Usually the courts want more than one year of continuing offenses to fulfill RICO requirements. Exceptions can be for example demanding so much money every month for an automatic continuing offense. The nature of union busting could be sort of a hybrid — allowing RICO invoked after only a year, depending on how the (Hillary?) courts go. Be a big deterrent to playing at firing for “other reasons.”
Sum up: anyway, we have to do it anyway. Why should the only market not covered by felony penalties for warping and unfairly manipulating the market be the most important market of all: the labor market — given both the across the board impact on the great majority’s incomes AND on their political power?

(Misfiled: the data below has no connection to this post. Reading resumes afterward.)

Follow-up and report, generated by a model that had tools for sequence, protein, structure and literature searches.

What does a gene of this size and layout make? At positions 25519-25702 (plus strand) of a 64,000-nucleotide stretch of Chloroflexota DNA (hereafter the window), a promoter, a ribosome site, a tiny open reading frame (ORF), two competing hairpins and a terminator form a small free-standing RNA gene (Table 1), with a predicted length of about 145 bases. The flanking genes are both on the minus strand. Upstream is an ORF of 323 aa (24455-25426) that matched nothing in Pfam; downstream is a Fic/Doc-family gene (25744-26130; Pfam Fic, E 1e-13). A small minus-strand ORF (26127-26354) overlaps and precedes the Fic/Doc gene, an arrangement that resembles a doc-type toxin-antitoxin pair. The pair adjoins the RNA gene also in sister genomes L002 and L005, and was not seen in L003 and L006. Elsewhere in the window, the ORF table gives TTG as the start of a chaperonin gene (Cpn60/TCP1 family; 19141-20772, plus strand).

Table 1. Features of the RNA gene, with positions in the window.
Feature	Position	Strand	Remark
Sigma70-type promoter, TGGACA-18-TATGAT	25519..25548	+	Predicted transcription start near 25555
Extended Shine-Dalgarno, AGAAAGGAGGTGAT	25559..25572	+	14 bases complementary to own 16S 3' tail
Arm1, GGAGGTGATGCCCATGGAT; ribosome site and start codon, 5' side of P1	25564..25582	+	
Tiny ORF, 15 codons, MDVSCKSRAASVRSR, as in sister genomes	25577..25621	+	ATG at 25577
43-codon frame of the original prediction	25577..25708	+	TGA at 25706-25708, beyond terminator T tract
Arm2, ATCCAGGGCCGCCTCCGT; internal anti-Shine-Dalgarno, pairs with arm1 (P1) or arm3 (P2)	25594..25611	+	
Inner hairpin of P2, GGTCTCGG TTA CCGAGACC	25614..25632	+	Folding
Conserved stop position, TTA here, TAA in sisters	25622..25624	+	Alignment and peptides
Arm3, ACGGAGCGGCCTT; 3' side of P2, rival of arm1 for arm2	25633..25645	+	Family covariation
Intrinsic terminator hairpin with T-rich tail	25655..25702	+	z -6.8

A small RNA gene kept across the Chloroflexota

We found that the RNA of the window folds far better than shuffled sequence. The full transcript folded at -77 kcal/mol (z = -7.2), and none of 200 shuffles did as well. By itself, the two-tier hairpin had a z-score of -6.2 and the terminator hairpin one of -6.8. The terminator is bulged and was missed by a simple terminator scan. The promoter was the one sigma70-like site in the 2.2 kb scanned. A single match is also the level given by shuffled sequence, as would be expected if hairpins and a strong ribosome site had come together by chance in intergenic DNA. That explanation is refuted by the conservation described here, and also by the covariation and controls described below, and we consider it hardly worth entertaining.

No other modern economy that I know of is union-free. Freed by pure intimidation and market power. Biggest road block may be our culture of thinking of firing organizers as some part of a free society or whatever — it’s the culture, folksies.
Just another thought on the non-enforceability of labor organizing law (while laying in bed, staring at the ceiling): today’s strength of enforcement is as if if you were caught robbing a bank you only had to give the money back (re-hire the organizer or joiner). Only the comparison breaks down when the employee is re-fired for “something else”, usually, and usually within one year.
Certainly robust competition in markets is essential for efficiency, and I would agree that anti-trust laws are too rarely and too unequally applied for many recent decades. But the labor unions and patents are monopolies as well and not controlled by anti-trust law. I would prefer to see some proportional cost applies as competition fails (is there a reasonable economic measure or proxy for competition in markets?) rather than count on the erratic application of anti-trust law.